Top Retirement News

Leanne Macardle

Leanne Macardle

Editor
Published: 23/05/2019

Equity release can be a great way for older homeowners to give their retirement income a boost, allowing them to release cash tied up in their home without needing to downsize. But just what are these later life borrowers doing with all that extra money? Well, even though many use it to fund home improvements, holidays or simply to enjoy a comfortable standard of living, research from Key shows that many are also using their housing wealth to clear debts.

Downsizing is becoming an increasingly popular way for many older homeowners to release cash from their home, while at the same time allowing them to move into a smaller, more manageable property. Yet unfortunately, new research shows that they may end up with less than they bargained for, as after the various costs of moving have been taken into account, the money left over may not be as substantial as they initially hoped.

That’s according to research from OneFamily, with its latest figures revealing that 43% of over-60s surveyed have moved to a different property in order to access capital tied up in their home – yet 24% of those end up with less money than expected, and 20% were disappointed with the overall return.

Retirement may be the time that many people long for, but it can also be a risky undertaking, with various potential threats blocking your path to a stress-free post-work life. So just what are the risks you need to be aware of, and how can you avoid them? We take a look at a few things you need to bear in mind.

Deciding how to secure an income from your pension pot will be a key part of retirement planning, yet unfortunately, it seems that not everyone is giving it the attention it deserves. Indeed, research from Zurich suggests many retirees are entering drawdown with no planning whatsoever, and instead are relying on luck and guesswork when it comes to deciding how much to withdraw each year.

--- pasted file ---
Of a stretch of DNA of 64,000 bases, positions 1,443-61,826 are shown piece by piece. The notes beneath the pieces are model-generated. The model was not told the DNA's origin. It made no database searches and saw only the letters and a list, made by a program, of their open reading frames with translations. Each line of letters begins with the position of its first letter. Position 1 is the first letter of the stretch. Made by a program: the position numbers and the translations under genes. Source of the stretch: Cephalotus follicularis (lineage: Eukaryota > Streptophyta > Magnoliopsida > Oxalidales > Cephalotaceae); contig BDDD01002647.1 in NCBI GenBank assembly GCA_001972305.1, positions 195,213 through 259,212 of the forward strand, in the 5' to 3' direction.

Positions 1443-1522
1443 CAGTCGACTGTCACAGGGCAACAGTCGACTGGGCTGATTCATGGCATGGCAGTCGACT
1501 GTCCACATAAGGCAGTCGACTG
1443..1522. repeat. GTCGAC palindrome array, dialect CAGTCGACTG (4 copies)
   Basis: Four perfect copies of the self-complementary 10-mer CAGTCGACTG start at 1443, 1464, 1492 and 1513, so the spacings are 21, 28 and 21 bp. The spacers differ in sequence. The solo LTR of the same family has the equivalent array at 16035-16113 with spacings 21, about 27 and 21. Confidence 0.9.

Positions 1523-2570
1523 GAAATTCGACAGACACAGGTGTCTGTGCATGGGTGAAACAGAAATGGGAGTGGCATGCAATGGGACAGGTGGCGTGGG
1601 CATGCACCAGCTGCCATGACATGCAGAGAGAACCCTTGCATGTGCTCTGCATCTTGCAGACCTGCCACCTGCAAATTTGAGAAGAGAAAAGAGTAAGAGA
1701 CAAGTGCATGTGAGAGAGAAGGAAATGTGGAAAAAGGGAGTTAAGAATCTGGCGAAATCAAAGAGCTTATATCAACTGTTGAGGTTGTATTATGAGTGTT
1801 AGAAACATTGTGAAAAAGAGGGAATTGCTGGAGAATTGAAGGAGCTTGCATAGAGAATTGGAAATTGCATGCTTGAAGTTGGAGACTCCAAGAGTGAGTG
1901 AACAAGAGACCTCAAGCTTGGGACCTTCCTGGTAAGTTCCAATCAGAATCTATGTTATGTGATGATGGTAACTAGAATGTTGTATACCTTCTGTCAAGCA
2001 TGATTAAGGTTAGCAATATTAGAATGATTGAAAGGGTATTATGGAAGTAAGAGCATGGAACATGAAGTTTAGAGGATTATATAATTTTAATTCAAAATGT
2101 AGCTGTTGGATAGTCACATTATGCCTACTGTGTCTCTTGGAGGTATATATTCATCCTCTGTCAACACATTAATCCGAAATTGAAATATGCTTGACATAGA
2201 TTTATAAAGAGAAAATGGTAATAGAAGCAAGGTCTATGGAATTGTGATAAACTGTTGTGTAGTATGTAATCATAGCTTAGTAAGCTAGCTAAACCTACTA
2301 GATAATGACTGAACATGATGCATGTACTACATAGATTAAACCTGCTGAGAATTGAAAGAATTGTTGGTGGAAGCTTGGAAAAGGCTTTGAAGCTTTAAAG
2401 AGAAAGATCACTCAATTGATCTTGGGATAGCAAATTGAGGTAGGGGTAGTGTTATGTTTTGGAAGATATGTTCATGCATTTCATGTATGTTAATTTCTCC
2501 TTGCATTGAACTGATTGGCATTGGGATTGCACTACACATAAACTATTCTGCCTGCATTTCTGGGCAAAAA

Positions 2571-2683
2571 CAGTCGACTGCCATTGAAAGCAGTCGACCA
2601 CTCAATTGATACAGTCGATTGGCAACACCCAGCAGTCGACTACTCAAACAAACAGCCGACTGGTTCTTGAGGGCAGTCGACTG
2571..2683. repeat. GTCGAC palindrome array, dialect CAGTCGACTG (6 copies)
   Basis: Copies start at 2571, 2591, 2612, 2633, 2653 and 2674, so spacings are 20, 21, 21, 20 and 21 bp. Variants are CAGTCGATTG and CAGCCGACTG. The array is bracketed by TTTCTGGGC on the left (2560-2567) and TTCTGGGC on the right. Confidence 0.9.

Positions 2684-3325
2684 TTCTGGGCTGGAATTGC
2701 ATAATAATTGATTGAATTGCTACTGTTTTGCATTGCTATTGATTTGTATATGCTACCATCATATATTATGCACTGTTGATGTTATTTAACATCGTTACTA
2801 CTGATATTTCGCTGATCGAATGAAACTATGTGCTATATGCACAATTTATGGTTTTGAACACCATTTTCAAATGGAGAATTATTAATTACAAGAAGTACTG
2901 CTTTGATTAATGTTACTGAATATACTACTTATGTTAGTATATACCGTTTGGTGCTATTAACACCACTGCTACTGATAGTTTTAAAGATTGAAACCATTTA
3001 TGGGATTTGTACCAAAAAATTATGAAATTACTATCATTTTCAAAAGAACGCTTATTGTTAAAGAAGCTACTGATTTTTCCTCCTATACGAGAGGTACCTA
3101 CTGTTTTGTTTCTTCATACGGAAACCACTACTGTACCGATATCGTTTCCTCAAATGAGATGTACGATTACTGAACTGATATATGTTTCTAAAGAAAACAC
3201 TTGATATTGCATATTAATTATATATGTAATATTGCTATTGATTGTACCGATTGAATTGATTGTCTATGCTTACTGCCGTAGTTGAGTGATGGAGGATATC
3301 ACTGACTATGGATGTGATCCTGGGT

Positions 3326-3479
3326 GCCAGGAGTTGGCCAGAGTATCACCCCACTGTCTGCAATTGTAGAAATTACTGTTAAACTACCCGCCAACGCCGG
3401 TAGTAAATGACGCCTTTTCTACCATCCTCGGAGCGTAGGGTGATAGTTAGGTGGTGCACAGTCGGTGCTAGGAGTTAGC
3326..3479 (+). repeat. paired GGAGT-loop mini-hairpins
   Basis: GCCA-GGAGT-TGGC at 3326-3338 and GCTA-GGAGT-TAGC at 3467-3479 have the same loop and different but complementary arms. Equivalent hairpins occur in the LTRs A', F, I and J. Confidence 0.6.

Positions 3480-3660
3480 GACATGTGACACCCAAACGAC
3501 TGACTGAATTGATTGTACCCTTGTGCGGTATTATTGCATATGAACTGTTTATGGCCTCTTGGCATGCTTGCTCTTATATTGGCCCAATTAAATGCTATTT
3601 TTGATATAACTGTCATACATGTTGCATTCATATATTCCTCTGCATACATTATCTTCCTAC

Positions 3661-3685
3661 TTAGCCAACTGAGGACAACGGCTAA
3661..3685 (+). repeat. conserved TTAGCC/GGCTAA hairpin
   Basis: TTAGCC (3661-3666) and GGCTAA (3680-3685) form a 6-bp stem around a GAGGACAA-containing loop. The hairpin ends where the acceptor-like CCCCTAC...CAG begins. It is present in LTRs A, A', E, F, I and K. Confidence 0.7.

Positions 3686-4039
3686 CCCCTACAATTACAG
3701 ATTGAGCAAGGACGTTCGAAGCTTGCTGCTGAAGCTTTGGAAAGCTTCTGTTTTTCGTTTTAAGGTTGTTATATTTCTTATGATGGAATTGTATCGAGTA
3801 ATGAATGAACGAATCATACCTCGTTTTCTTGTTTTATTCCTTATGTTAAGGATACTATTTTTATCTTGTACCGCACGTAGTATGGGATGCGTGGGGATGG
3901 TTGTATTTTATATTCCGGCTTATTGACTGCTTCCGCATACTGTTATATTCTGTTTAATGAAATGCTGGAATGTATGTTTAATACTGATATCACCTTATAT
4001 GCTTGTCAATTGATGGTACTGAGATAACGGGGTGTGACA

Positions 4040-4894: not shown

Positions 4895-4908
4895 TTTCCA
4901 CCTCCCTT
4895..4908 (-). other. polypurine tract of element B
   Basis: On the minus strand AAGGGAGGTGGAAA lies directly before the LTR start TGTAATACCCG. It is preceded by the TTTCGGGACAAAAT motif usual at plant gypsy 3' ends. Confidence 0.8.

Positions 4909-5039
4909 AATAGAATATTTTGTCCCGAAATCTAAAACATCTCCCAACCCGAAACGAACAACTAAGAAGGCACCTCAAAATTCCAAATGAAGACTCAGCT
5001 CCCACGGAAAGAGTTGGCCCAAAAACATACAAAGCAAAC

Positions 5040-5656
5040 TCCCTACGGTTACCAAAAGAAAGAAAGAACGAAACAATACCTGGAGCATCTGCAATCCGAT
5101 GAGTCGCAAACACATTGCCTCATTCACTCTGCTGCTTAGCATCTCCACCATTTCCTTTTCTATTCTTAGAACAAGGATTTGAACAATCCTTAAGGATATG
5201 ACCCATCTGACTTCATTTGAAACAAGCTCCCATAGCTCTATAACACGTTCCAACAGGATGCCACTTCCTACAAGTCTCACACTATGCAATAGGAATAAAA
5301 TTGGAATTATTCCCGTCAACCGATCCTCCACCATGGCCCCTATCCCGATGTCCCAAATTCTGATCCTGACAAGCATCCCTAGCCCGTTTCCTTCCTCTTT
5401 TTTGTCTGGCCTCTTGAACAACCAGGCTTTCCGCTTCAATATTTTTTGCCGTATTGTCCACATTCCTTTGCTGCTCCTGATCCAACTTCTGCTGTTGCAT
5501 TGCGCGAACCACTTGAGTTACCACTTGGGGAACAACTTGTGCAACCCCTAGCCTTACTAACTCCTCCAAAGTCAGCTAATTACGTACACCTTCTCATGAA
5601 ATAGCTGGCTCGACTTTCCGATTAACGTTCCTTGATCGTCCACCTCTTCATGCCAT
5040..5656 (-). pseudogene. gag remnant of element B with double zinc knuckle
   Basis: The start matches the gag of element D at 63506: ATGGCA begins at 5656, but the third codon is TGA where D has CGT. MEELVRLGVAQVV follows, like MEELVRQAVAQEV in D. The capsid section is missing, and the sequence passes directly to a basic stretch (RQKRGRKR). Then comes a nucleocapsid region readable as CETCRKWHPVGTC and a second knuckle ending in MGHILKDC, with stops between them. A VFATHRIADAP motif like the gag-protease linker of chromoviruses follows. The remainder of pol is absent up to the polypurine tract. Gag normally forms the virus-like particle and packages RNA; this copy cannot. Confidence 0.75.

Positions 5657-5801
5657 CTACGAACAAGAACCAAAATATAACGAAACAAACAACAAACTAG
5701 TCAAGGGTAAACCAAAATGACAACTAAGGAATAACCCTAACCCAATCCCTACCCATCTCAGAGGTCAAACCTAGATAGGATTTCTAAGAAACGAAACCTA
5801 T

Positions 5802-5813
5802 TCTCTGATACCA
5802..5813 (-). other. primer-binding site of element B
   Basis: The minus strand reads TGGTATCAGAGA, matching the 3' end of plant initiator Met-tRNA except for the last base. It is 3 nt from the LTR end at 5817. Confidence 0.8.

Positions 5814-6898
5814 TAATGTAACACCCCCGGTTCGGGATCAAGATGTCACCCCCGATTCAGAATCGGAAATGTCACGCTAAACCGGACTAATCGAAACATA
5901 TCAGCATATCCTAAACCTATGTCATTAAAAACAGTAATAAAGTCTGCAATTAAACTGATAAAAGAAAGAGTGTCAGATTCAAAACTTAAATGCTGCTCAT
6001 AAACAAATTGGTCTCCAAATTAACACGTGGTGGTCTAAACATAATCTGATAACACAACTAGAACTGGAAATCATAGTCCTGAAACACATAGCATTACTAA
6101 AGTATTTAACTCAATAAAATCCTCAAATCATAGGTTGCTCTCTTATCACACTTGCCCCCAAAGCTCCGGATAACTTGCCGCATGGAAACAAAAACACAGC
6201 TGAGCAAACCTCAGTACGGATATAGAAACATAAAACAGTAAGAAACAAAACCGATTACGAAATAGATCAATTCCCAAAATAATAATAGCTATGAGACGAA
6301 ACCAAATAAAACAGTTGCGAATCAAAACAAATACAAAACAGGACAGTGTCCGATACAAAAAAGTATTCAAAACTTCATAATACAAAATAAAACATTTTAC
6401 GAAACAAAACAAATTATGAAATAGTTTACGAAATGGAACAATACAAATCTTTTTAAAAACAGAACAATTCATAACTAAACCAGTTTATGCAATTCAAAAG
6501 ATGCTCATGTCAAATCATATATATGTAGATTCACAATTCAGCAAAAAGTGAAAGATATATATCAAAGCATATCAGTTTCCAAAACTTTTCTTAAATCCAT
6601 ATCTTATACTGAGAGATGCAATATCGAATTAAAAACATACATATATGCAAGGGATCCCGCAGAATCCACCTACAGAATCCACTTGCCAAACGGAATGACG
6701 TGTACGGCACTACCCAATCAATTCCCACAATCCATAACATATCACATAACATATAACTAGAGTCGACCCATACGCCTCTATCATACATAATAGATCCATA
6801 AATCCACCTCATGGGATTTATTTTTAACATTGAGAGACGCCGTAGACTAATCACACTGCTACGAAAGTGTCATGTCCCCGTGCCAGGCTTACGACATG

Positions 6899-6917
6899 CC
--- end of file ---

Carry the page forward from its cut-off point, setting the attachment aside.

Lack of forward planning

The research found that just a third (34%) of retirees in drawdown calculated how much income they'd need to generate from their pension pot before they retired – the same proportion worked out how much they'd need to cover living expenses and how long they'd need their money to last, while just 22% calculated how much they'd need to fund leisure activities – which means the majority aren't even taking basic steps to work out how much they can afford to take from their pot.

This means a worrying proportion of retirees are at risk of draining their pension savings too early, a concern compounded by the fact that very few think about where they'll continue to invest their drawdown funds during retirement. Just 16% decided where they'd invest their funds to achieve their desired income, for example, and only 17% thought about the strategy they'd use to withdraw that income, such as selling shares or living off the dividends.

Future-proof your finances